We have pretty much become inured to Donald Trump's runaway narcissism, so much so that news media stories revealing the president's pathological lies and boasts and most of all his profound corruption, roll in and out of the national consciousness like so many bad dreams that we never seem to awaken from. But The New York Times has now published the mother of all blockbusters in reporting that the man whose self-spun narratives of dealmaking acumen and extraordinary business successes as a self-made billionaire did much to propel him to the White House not only was a lousy businessman, but he appears to have lost substantially more money than any other American taxpayer in a single decade.
The Times, in revealing a far different and substantially darker picture of Trump's financial condition, reports that the data it obtained from official IRS tax transcripts for the years 1985 to 1994:
[R]epresents the fullest and most detailed look to date at the president’s taxes, information he has kept from public view. Though the information does not cover the tax years at the center of an escalating battle between the Trump administration and Congress, it traces the most tumultuous chapter in a long business career — an era of fevered acquisition and spectacular collapse.
The numbers show that in 1985, Mr. Trump reported losses of $46.1 million from his core businesses -- largely casinos, hotels and retail space in apartment buildings. They continued to lose money every year, totaling $1.17 billion in losses for the decade.In fact, year after year, Mr. Trump appears to have lost more money than nearly any other individual American taxpayer, The Times found when it compared his results with detailed information the IRS compiles on an annual sampling of high-income earners. His core business losses in 1990 and 1991 -- more than $250 million each year -- were more than double those of the nearest taxpayers in the IRS information for those years.Overall, Trump lost so much money that he was able to avoid paying income taxes for eight of the 10 years, and while The Times story finesses the matter, it is almost certain that Trump's business record since then is just as problematic.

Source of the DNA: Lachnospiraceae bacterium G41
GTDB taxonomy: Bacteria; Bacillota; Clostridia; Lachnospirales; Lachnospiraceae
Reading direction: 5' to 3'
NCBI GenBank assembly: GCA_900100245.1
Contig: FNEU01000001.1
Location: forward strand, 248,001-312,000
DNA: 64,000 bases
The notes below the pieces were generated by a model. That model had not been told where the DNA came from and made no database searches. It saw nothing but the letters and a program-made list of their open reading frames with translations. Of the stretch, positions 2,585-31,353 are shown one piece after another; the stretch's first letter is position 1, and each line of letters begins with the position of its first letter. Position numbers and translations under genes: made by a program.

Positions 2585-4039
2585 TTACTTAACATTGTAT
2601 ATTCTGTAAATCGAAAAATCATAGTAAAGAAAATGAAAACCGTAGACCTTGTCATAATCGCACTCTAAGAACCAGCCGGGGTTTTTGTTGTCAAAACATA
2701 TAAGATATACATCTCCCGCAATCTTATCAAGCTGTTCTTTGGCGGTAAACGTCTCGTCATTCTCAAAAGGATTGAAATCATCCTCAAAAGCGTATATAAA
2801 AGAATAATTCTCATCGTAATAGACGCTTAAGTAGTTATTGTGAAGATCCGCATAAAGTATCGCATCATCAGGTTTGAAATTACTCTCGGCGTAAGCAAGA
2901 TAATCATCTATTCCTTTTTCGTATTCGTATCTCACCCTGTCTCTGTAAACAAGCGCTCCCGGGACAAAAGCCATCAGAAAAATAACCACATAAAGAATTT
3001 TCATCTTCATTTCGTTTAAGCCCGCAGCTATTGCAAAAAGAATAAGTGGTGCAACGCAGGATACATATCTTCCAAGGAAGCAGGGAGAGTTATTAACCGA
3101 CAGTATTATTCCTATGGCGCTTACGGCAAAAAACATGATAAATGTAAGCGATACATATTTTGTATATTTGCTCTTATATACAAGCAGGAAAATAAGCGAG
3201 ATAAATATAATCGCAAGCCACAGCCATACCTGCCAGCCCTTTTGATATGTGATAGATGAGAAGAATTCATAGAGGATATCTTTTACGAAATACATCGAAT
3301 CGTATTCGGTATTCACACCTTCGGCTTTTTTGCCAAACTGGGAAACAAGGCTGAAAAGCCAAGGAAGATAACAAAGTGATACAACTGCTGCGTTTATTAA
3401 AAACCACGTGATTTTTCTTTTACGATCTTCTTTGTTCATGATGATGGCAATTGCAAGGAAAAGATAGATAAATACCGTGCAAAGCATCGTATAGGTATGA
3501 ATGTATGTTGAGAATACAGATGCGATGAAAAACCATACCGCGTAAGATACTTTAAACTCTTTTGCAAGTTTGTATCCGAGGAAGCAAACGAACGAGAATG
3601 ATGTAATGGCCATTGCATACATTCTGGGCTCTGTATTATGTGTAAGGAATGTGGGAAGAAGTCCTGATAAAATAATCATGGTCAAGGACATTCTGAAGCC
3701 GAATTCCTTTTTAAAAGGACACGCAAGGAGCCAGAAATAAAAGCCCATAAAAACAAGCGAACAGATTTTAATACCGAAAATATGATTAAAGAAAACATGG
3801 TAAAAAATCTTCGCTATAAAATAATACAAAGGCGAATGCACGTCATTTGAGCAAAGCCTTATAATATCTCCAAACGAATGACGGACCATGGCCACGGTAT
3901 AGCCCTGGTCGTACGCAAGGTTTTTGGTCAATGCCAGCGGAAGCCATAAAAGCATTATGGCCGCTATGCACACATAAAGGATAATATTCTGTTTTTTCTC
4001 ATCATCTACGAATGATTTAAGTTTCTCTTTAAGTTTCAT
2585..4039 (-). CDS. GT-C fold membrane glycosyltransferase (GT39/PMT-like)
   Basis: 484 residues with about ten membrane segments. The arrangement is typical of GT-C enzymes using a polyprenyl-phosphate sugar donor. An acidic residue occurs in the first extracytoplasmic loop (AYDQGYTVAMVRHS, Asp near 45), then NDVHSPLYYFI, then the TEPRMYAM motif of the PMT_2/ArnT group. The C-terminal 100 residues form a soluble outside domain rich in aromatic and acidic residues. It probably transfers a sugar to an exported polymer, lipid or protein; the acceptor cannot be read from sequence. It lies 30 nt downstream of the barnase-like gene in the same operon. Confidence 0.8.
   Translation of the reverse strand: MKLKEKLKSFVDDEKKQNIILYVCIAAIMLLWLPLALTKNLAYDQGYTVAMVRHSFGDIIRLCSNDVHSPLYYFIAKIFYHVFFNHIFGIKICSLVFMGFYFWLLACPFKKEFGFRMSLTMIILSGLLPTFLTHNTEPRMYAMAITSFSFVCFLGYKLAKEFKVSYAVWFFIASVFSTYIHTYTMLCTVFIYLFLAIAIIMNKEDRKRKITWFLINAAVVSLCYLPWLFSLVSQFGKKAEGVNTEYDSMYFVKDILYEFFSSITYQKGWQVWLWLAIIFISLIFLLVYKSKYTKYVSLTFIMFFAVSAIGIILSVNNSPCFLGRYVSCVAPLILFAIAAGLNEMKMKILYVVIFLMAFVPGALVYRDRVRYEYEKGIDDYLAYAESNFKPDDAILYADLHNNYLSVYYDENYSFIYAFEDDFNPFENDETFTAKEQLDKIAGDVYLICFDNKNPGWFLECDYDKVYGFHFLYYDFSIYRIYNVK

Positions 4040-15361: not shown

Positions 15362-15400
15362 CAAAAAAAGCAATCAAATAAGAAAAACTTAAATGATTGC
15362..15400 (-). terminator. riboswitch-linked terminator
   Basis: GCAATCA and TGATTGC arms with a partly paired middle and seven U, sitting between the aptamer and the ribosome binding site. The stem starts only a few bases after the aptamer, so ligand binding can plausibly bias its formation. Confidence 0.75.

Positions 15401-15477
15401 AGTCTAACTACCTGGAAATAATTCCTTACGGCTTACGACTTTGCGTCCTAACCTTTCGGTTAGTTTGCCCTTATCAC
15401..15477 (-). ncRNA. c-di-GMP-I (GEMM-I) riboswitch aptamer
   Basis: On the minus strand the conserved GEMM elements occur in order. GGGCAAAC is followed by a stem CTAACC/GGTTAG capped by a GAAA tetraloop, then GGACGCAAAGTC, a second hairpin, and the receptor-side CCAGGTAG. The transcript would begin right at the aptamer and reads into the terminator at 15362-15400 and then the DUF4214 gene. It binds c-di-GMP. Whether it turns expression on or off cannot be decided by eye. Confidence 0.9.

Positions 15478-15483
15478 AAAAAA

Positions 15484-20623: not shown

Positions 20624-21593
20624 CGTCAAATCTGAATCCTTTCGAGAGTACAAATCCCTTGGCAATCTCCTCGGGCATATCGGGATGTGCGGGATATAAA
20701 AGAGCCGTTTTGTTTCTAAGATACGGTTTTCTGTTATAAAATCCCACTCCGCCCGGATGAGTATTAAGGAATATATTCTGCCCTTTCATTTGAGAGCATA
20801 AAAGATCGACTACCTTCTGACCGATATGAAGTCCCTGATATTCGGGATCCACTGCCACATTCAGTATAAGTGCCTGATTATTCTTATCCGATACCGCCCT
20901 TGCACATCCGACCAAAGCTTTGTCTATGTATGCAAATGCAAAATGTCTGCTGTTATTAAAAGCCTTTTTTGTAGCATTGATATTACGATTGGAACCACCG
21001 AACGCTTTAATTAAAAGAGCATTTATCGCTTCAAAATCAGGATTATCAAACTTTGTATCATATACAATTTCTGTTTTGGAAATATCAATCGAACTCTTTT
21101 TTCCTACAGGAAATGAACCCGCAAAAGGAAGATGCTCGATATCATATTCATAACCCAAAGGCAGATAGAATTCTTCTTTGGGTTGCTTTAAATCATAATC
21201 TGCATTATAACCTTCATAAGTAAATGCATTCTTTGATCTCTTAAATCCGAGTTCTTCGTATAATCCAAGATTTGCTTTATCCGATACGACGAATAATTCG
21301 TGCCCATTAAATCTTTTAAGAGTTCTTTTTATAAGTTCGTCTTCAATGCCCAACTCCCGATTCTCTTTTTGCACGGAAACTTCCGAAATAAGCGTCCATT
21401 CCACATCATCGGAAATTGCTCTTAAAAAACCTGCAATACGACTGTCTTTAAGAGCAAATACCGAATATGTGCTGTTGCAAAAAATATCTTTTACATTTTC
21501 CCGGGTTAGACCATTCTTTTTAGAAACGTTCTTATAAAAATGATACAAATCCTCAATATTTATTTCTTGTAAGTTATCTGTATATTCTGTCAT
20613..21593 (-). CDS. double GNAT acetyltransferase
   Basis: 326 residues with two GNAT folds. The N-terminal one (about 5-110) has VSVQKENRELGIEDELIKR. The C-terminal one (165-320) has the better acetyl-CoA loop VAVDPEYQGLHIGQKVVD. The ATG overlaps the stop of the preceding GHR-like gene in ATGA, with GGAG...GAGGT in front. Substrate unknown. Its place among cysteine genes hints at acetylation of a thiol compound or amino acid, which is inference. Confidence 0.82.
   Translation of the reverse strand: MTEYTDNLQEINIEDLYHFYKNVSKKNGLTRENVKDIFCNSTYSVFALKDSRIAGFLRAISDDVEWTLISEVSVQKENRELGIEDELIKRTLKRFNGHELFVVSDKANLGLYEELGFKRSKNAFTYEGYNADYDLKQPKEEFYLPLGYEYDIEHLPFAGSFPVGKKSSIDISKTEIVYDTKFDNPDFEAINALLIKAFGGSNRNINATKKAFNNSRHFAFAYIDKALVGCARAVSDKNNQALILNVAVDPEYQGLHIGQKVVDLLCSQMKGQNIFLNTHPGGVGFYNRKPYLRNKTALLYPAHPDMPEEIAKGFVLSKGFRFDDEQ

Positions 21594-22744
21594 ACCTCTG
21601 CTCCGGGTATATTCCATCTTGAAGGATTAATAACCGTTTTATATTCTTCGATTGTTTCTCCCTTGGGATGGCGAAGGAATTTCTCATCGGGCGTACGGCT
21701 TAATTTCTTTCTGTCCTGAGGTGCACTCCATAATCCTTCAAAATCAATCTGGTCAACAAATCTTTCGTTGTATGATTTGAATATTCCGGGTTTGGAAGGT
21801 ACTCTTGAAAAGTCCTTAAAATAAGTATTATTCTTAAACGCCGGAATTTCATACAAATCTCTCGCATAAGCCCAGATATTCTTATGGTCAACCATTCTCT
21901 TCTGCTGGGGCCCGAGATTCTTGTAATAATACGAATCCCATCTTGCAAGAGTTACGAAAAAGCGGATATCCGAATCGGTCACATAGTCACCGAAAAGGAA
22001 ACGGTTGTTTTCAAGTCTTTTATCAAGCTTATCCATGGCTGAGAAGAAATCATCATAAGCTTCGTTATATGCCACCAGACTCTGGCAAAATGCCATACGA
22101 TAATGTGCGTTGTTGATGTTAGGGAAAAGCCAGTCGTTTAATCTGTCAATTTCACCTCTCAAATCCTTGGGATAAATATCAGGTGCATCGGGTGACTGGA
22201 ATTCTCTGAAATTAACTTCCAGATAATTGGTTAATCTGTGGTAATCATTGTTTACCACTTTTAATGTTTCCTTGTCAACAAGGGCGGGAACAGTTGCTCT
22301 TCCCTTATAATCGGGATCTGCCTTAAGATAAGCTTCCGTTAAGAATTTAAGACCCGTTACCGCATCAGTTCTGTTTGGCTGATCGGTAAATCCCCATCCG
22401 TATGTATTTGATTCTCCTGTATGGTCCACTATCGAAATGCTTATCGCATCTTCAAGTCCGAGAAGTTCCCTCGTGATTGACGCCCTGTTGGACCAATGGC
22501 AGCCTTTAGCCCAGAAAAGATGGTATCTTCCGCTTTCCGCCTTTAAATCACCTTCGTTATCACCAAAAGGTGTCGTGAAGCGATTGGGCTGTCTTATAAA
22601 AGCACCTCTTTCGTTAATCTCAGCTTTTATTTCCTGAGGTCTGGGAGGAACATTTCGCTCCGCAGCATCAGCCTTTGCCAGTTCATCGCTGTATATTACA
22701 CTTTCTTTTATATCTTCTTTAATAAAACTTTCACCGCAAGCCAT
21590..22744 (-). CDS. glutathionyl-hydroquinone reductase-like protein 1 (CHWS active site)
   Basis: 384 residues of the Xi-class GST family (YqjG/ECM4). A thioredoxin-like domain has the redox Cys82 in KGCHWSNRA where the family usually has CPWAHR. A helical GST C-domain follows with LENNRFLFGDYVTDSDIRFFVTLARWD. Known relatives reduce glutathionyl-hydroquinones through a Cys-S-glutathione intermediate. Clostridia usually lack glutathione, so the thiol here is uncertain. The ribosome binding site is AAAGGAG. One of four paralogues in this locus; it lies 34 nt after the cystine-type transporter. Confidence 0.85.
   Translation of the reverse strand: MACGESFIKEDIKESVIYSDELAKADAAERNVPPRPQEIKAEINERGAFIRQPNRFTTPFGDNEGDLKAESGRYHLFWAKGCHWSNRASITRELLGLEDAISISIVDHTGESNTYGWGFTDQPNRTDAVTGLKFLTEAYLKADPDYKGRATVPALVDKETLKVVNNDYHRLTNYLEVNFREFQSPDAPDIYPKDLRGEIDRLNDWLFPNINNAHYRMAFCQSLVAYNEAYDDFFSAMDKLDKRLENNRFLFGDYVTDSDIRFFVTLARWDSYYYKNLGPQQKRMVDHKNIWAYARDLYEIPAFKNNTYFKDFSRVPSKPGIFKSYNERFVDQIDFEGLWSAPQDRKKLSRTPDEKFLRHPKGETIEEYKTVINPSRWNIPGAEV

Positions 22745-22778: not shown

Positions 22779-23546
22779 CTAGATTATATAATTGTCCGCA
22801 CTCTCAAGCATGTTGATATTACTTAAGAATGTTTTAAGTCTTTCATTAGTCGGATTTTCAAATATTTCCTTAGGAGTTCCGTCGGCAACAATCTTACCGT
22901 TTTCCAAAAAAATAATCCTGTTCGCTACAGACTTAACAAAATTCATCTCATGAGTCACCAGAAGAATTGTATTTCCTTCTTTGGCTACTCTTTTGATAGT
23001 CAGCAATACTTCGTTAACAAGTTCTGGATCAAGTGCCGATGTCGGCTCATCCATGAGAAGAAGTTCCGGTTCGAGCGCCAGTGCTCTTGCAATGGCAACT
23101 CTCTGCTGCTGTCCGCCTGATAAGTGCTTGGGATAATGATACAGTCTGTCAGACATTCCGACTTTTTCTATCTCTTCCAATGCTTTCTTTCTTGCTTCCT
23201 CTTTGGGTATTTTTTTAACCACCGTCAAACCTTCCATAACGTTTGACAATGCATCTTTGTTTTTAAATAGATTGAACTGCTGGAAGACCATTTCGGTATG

If there is a hole in The Times exposé, it is the question of how you lose over a billion dollars if you don’t have over a billion dollars to begin with.
But that's a trick question because the correct answer is that you can do things that cause over a billion dollars in losses by leaving business partners, lenders and vendors holding much of the bag. In other words, losses Trump claimed on his tax returns actually were borne by others, further evidence that Trump is less a shrewd businessman than a grifter.
Another big clue is provided by longtime lawyer-fixer Michael Cohen, who joined the Trump Organization in 1995 and began a three-year prison term on Monday for his role in Trump's illegal hush money payments to women with whom he had affairs. Cohen has testified that Trump routinely undervalued properties for tax purposes and overvalued them when seeking bank loans, which are likely indicators of tax, insurance and bank fraud. Trump, for example, omitted from his 2017 campaign finance report his obligation to repay Cohen for a $130,000 hush payment Cohen made on his behalf to the porn film actress Stormy Daniels.
Trump, for his part, responded to The Times story by insisting that he meant to lose money on his businesses, calling it "sport."
Speaking of sports, typical of Trump's financial shenanigans is his 2017 report that his Irish golf business had revenues of $14 million, while a separate report to Irish regulators said the business lost $2 million.